Notwithstanding the success of Wii bowling, video games exist largely to give most of us abilities we don't already have – including physical activities such as executing a backflip or scaling a cliff.
Even if I got off the couch and started working out every day, I couldn't pull off such feats with the panache of a video-game star like Lara Croft. Perhaps she'll inspire a younger generation of gamers to take up gymnastics. Me, I'm thrilled when I can create one of her moves on an Xbox.
Prince of Persia (Xbox 360 and PS3, from Dh180): The latest incarnation of Ubisoft's Prince – the top selling game in the UAE now – is one of the most acrobatic game heroes ever. He can leap across pits, scramble along walls and somersault over enemies.
And this time he gets invaluable assistance from a princess named Elika, who can magically retrieve the prince if he takes a wrong step into the abyss.
Compared to the last couple of Prince titles, this chapter focuses more on movement and exploration than combat. The lush landscapes look like watercolours come to life, and Elika is an unusually appealing sidekick in a game that is a refreshing new direction.
Tomb Raider Underworld (Xbox 360, PS3, and Nintendo Wii, from Dh180) Lara Croft may not be the icon she was, but she's on the verge of a comeback. She looks better than ever, and Underworld presents her with a series of massive architectural ruins that demand the most of her athletic ability and your wits.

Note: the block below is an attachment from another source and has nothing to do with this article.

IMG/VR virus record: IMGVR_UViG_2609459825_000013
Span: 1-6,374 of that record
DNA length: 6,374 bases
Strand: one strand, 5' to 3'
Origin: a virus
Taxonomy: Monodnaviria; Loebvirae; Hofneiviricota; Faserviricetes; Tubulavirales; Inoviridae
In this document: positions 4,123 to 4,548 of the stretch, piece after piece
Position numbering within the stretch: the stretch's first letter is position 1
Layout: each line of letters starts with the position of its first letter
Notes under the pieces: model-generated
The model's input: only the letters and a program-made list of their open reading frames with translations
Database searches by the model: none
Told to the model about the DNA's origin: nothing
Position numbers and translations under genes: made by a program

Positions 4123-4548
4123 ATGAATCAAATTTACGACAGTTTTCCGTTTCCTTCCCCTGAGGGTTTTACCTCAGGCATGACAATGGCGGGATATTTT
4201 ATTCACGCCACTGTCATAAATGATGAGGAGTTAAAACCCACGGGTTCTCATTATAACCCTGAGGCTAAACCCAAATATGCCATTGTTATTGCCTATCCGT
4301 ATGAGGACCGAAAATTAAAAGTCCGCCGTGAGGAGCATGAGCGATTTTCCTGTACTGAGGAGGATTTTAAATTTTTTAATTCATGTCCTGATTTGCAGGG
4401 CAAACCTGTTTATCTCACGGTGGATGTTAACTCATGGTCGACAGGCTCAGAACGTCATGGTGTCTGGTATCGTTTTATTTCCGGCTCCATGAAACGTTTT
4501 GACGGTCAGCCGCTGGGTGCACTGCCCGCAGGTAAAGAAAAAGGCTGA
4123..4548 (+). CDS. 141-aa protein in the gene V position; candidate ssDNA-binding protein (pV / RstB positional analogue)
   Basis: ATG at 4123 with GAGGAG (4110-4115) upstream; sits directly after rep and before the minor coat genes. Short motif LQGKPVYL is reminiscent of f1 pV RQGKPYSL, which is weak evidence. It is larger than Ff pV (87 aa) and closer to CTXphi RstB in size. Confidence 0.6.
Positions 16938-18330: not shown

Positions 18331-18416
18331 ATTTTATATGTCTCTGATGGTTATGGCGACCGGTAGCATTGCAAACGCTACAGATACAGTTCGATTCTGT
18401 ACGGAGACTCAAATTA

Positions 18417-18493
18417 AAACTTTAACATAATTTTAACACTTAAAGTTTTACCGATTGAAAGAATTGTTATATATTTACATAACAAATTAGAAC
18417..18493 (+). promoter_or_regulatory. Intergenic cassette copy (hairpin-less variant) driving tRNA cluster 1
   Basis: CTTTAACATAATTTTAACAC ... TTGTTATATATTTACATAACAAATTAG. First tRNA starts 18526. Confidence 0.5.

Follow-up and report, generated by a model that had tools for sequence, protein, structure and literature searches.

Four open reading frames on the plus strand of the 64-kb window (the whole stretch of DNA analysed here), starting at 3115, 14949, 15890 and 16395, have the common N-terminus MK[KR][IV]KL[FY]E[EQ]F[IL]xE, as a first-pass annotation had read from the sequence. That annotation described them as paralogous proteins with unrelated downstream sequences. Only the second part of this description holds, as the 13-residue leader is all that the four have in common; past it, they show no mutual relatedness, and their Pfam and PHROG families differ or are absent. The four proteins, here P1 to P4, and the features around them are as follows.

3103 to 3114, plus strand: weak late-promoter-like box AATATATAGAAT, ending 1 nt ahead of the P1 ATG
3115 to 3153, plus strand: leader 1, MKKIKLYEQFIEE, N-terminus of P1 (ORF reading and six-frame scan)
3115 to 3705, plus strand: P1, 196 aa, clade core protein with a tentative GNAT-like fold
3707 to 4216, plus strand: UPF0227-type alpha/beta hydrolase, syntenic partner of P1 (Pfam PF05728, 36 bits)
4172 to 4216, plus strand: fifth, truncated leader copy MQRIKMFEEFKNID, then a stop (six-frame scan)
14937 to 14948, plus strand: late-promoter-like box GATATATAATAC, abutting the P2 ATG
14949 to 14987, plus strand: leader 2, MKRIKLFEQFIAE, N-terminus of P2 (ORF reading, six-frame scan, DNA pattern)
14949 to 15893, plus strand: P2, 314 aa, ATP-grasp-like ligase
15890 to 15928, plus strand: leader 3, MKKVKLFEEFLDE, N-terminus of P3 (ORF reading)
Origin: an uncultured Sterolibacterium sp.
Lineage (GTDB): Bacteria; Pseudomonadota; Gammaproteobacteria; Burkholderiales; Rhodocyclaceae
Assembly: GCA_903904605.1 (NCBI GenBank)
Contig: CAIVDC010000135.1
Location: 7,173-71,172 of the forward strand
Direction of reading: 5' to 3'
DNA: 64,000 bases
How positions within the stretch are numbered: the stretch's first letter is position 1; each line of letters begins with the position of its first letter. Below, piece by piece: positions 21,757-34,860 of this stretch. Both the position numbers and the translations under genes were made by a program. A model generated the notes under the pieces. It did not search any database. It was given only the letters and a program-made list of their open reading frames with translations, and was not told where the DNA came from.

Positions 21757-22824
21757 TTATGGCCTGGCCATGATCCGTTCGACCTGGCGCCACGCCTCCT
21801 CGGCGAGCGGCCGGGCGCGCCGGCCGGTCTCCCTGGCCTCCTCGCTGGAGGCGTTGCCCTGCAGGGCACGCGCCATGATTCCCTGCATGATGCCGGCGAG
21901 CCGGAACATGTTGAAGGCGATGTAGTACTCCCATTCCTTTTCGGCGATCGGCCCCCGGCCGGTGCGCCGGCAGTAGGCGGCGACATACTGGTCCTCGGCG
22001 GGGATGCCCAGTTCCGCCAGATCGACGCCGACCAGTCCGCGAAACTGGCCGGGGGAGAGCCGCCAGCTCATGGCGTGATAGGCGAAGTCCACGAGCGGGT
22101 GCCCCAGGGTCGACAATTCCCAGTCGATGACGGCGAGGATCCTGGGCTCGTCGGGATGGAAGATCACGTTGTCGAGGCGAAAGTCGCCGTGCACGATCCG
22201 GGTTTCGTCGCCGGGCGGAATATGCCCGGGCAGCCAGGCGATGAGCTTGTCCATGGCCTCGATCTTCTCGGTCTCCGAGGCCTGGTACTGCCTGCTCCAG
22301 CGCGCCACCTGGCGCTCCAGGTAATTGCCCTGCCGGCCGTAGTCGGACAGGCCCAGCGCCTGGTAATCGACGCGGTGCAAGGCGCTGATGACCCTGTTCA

The adventure takes Lara from an undersea city to the Arctic Circle (and beyond), and each environment serves as a clever multi-stage puzzle.
Combat is considerably less interesting; fortunately, it doesn't happen too often. Marred by occasional technical hiccups, Underworld delivers awe-inspiring sights.
Shaun White Snowboarding (Xbox 360, PS3, and Nintendo Wii from Dh180) White, the snowboarding gold medalist from the 2006 Winter Olympics is your guide to this fast-paced tour of the world's most vertigo-inducing mountains, and he'll have you leaping off cliffs and executing flips and spins.
The boarding is smooth, but the events scattered around each slope get repetitive. The Wii version is better, because you have better control with the Balance Board. It's not a very deep game, but it does deliver the rush of going downhill fast.
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